UNITED NATIONS: This summer’s floods in Pakistan were a stark reminder that the changing climate will bring more disasters in the near future, warns a UN report released on Wednesday.

The United Nations’ 2022 Year in Review report on Climate and Environment notes that “whilst some regions suffered from a lack of water” in the outgoing year, others were hit by catastrophic floods.

“In Pakistan, a national emergency was declared in August, following heavy flooding and landslides caused by monsoon rains which, at the height of the crisis, saw around a third of the country underwater. Tens of millions were displaced,” the report adds.

The UN is hosting an international conference on Climate Resilient Pakistan in Geneva on Jan 9 to consider various options for supporting the country in dealing with the consequences of the changing climate.

Quoting from various UN-sponsored studies, the report underlines the continued warming of the Earth as a major threat and regrets the failure of humanity to lower carbon emissions and get to grips with the climate emergency.

The report also emphasises the need to cut fossil fuel use, and support developing countries in dealing with man-made climate changes, causing droughts, floods, and extreme weathers.

The UN report also refers to a recent study by the World Meteorological Organisation (WMO), which shows that heat waves will occur more and more frequently, into the 2060s.

Little headway made at COP27 on phasing out of fossil fuels, climate report notes

WMO, a UN weather agency, notes that the pattern is linked to the warming of the planet, caused by human activities. The changing climate raises “serious concerns for the planet’s future”, the report warns.

The UN report also quotes from a WMO Greenhouse Gas Bulletin, which details record levels of the three main gases — carbon dioxide, nitrous oxide, and methane, which saw the biggest year-on-year jump in concentrations in 40 years.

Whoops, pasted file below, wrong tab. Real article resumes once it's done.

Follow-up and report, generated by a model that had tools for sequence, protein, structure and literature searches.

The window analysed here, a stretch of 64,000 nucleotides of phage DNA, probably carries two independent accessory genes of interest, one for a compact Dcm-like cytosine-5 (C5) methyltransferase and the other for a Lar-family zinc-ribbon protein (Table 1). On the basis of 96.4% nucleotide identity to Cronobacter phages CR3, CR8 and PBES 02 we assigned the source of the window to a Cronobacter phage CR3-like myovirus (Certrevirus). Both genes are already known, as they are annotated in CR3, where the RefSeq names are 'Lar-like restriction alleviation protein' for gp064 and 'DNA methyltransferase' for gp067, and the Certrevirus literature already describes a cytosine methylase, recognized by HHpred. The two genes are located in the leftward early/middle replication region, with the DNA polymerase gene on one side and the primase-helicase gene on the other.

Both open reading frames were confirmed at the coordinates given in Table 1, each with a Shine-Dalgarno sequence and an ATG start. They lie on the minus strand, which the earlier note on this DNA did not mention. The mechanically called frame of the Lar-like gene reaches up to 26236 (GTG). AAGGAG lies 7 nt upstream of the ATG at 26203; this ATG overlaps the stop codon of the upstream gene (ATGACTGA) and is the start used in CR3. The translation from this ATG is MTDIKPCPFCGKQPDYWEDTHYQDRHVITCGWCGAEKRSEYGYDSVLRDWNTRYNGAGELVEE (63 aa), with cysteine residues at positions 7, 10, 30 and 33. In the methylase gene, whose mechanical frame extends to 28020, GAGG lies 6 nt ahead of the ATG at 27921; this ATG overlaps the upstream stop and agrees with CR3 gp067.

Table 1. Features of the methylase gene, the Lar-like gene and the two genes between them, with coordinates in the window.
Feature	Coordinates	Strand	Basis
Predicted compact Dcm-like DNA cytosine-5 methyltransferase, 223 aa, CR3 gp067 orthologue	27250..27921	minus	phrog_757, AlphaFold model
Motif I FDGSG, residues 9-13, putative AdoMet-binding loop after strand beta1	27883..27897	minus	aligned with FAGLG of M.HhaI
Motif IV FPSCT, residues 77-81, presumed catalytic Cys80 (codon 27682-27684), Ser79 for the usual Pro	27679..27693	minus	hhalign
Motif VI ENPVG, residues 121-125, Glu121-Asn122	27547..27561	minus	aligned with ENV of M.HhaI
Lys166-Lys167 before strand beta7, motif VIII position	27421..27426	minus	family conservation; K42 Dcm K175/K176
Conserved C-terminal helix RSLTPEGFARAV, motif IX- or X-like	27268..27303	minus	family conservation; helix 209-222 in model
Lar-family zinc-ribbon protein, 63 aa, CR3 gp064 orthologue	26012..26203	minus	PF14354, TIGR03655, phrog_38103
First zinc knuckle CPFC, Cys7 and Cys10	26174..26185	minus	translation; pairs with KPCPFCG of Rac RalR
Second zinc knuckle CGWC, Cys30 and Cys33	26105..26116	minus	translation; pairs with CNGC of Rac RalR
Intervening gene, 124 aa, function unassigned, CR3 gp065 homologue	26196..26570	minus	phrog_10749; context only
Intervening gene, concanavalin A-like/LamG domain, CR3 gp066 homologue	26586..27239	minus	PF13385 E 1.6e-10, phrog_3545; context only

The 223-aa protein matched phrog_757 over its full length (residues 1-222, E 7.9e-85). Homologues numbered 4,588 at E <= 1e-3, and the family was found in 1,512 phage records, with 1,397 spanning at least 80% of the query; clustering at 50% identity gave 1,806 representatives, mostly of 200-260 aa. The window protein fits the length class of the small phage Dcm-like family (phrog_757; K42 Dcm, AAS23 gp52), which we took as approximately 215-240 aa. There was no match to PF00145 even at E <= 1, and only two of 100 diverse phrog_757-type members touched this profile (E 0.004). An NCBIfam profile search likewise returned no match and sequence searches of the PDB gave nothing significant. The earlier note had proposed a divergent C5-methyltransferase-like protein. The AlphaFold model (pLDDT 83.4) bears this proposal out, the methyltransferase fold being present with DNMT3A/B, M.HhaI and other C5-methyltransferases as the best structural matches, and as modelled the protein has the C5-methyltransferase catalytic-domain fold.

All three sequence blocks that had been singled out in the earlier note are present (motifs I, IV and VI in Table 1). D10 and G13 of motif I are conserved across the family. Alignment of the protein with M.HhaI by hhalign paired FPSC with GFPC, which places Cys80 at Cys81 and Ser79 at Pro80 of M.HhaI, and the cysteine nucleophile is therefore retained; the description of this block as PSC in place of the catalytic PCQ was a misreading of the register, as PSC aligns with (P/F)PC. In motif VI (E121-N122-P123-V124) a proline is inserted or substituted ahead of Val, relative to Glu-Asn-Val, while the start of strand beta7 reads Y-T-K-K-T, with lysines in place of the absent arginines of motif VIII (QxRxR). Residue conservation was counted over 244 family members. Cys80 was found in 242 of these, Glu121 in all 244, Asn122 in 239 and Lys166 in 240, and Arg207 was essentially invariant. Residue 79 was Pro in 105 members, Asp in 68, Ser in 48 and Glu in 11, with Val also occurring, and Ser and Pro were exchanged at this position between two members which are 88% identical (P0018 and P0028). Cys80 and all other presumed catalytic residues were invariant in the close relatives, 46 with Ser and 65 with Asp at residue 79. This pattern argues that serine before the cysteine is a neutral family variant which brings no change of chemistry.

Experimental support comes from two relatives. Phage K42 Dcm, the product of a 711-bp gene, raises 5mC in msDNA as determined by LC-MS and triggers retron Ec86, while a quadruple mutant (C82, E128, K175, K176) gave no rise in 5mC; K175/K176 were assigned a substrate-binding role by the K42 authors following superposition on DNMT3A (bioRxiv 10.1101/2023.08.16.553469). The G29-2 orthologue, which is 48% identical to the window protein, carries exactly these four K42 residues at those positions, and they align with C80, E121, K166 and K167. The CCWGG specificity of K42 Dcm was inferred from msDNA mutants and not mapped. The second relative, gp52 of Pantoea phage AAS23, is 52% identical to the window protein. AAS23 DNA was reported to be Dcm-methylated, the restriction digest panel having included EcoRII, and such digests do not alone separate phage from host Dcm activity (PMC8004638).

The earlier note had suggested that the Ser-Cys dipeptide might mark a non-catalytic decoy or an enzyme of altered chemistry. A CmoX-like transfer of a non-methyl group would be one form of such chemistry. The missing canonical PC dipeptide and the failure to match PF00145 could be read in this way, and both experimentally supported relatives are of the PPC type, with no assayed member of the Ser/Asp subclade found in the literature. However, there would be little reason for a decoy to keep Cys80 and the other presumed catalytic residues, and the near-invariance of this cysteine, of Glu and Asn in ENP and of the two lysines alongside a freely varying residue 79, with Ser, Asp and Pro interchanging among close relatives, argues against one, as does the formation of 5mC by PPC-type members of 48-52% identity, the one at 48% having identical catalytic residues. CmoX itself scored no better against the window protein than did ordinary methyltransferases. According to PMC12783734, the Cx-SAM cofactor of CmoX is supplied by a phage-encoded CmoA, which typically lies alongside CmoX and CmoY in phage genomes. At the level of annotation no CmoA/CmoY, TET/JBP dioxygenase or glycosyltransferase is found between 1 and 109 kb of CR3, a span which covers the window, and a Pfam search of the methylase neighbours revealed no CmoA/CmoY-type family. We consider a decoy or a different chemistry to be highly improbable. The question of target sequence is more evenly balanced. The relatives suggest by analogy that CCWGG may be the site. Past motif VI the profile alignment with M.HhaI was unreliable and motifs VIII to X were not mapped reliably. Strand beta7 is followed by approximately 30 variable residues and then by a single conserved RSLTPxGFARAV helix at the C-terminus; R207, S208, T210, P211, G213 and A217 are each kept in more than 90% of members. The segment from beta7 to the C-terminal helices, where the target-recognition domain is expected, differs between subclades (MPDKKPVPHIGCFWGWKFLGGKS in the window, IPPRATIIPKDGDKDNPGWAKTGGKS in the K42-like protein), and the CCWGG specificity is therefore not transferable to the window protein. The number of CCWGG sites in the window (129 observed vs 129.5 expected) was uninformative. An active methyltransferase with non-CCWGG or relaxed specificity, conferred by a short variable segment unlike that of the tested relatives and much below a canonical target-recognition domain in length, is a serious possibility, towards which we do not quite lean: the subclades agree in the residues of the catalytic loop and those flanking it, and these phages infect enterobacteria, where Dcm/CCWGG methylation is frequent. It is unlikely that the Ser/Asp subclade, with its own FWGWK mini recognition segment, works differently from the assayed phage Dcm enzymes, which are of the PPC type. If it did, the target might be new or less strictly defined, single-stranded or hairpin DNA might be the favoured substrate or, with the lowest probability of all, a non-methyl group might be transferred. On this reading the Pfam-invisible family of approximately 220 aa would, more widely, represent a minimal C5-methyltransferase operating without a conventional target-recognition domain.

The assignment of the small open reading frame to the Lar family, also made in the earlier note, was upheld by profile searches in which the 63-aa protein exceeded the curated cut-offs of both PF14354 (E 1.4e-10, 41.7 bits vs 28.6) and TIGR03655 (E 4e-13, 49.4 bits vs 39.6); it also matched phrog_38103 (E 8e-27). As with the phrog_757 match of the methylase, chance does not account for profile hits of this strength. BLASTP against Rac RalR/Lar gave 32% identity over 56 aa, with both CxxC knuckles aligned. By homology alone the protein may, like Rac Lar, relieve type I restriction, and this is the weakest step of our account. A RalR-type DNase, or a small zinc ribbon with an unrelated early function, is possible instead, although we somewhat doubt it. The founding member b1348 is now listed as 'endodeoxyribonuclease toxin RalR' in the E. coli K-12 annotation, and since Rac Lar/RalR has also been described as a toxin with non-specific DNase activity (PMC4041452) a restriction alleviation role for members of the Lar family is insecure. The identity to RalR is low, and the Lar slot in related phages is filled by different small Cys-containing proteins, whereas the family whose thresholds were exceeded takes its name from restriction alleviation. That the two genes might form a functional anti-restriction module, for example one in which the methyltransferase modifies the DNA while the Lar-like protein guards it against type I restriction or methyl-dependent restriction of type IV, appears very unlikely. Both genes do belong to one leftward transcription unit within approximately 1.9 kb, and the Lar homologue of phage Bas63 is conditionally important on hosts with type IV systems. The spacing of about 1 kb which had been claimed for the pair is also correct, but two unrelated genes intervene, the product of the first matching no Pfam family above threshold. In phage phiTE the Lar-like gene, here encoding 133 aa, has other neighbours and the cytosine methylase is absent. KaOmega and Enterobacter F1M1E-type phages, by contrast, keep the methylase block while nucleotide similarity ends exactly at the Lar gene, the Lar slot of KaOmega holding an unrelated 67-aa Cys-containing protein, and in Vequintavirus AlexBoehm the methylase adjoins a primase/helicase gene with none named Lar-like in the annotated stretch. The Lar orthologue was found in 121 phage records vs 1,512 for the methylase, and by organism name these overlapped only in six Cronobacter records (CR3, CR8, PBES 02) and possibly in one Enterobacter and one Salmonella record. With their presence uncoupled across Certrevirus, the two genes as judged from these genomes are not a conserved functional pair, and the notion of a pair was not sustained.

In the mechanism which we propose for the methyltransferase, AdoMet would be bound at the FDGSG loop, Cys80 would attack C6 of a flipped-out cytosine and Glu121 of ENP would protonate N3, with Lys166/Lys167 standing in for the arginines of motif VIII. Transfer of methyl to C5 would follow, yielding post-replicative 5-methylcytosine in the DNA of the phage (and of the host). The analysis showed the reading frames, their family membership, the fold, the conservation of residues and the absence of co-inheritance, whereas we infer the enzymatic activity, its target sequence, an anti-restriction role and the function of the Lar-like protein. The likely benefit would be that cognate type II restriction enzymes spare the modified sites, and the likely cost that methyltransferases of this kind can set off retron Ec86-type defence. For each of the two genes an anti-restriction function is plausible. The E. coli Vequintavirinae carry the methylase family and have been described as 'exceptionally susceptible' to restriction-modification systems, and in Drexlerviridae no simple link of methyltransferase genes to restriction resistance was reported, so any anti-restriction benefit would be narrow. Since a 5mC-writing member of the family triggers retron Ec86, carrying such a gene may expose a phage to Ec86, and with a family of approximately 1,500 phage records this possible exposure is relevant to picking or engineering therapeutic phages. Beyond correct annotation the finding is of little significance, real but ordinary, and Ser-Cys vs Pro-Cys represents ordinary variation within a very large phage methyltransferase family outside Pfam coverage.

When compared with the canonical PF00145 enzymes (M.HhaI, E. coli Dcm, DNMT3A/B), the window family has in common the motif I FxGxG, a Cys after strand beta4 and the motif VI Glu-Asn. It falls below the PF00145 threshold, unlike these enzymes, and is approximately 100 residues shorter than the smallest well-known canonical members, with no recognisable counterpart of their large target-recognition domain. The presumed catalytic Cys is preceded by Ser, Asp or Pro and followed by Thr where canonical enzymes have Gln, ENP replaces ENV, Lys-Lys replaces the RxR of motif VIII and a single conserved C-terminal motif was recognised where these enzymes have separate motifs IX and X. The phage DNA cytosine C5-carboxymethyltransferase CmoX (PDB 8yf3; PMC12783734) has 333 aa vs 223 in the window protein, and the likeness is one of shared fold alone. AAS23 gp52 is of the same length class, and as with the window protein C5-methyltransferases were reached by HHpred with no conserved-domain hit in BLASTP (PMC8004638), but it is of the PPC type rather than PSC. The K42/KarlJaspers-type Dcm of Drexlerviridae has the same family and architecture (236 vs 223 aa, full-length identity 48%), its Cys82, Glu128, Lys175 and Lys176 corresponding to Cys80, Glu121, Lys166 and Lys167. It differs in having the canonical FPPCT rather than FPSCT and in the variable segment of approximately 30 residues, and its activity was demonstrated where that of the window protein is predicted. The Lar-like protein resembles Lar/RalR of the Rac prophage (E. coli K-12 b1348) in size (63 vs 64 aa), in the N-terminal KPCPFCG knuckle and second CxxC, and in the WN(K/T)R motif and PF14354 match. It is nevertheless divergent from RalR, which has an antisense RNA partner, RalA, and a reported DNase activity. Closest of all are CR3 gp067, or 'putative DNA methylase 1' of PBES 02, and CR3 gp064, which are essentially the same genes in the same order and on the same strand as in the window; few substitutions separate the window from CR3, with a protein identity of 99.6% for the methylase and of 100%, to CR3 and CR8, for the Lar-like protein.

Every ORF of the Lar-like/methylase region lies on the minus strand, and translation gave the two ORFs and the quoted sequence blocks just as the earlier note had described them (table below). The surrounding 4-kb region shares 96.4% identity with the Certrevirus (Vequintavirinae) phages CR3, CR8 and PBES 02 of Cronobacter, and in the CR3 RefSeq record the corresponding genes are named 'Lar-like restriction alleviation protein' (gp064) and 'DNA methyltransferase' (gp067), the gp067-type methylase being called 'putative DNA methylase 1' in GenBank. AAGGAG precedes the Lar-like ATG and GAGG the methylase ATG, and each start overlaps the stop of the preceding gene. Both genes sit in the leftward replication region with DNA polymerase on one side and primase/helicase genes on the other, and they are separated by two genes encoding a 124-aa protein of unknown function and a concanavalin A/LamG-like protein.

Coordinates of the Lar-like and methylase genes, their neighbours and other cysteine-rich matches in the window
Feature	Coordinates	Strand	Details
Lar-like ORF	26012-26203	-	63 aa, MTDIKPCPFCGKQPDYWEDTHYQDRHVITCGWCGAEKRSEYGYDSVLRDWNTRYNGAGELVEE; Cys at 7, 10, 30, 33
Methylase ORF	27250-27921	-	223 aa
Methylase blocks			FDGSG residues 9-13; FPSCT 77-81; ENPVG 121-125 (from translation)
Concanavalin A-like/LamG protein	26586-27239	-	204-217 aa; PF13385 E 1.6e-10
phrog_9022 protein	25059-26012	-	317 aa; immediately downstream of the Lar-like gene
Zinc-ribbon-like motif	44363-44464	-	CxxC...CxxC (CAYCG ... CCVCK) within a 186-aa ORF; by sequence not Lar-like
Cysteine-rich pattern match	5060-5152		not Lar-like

It identifies human activity as a principal factor in this change. “Despite all the evidence that a shift to a low-carbon economy is urgently needed, the world’s major economies responded to the energy crisis precipitated by the war in Ukraine by reopening old power plants and searching for new oil and gas suppliers,” the report notes.

‘Delusional’ reaction

UN Secretary-General António Guterres has decried their reaction as “delusional”, reminding the rich nations that if they had invested in renewable energy in the past, they could have avoided the price instability of the fossil fuel markets.

In another statement, Mr Guterres compared the behaviour of the fossil fuel industry to the activities of major tobacco companies in the mid-twentieth century: “Like tobacco interests, fossil fuel interests and their financial accomplices must not escape responsibility,” he said. “The argument of putting climate action aside to deal with domestic problems also rings hollow”.

In July, the UN General Assembly declared that access to a clean and healthy environment is a universal human right. Mr Guterres hoped that the landmark declaration would help reduce environmental injustices, close protection gaps, and empower people to deal with climate disasters.

The UN report, however, notes with satisfaction that in November the UN Climate Conference in Egypt established a funding mechanism to compensate vulnerable nations for the loss and damage caused by climate-induced disasters.

The report notes that since vulnerable nations have spent decades arguing for such a provision, the inclusion was hailed as a major advance. However, it also notes that little headway was made on other key issues, particularly on the phasing out of fossil fuels, and tightened language on the need to limit global warming to 1.5 degrees Celsius.

Published in Dawn, December 29th, 2022



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